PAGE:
Hitting it off at school
Some entries have clearly been penned in the wake of an emotional episode and might be regarded as a form of therapy. Others address issues such as the stress of examinations, bullying and peer-group pressure. What comes across is that school undoubtedly impacts on the lives of young people and that, for a significant number of them, it is not a particularly pleasant experience.
The same is true for some teachers. On one website, there is a rather feeble attempt at humour. Pupil: I hate school and I have to stay here until I'm 16.
Teacher: I know exactly how you feel and I have to stay here until I'm 60.
For many teachers, the opportunity to take early retirement would be attractive. I know of one who can reel off the precise number of days (excluding holidays and weekends) until he can put his feet up. This is not someone who has always been in the wrong job: he has had a fairly successful career in education and has made a valuable contribution within and beyond the classroom, working for many years for the Scottish Qualifications Authority. But he has had enough and now just wants out.
Perhaps the most common word to appear on the websites is "boring". It is, of course, an easy catch-all term, often used by youngsters to affect disinterest in whatever adults are trying to encourage them to do. Their street credibility would not be enhanced if they described school in enthusiastic terms.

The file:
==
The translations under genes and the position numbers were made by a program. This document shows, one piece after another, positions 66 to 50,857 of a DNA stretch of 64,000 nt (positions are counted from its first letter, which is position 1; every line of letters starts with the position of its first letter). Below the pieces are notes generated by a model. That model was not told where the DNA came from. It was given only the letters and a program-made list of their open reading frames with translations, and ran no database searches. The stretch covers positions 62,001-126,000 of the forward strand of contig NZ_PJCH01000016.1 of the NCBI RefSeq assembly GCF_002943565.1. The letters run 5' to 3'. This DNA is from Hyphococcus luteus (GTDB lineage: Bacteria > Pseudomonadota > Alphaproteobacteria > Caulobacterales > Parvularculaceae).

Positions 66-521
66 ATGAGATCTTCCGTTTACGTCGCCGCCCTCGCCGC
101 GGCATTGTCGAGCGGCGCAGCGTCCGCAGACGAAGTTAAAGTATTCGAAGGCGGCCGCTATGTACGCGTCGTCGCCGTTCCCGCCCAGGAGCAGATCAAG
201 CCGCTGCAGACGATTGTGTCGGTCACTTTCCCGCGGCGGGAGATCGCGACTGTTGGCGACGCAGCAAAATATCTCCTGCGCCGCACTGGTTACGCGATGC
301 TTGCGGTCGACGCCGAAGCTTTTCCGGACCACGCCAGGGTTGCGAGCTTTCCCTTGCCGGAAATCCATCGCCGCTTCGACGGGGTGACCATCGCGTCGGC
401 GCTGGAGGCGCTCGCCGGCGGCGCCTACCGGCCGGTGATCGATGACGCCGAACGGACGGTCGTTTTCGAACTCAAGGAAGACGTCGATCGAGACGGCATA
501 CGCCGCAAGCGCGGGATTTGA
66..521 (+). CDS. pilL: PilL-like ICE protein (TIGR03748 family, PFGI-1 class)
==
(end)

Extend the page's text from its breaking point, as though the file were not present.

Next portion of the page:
The more thoughtful websites, however, try to explore the reasons for the alleged dullness of much of what goes on. They draw a distinction between "schooling" on the one hand and "learning" on the other. The hostility is not directed towards learning as such but to the institutional context in which it is promoted. Parents who teach their children at home recount stories of transforming school phobics into active and eager learners.
One website contains interesting statements from Nobel prizewinners who disliked school but who went on to achieve greatness in their chosen field. George Bernard Shaw wrote: "There is ... nothing on earth intended for innocent people so horrible as a school" and compared it (unfavourably) to prison. Winston Churchill said he could only learn if his reason, imagination or interest were engaged and that his school (Harrow) failed to recognise this. Albert Einstein recalled his schooling in Germany and Switzerland as an unhappy experience, objecting particularly to the "coercion" involved in examinations.
Schools are generally much more humane and caring places than they used to be but, from the perspective of some pupils, particularly older pupils, they are still perceived as primarily custodial in function.
Part of the problem is that teachers are subject to conflicting expectations: they are expected both to discipline and to liberate, to prepare for the realities of work and encourage self-expression, to transmit traditional values and to stimulate critical thinking.
However, there is some good news for teachers. An internet search using the phrase "I love school" produced 31 million hits.
Walter Humes is research professor in education at the University of the West of Scotland.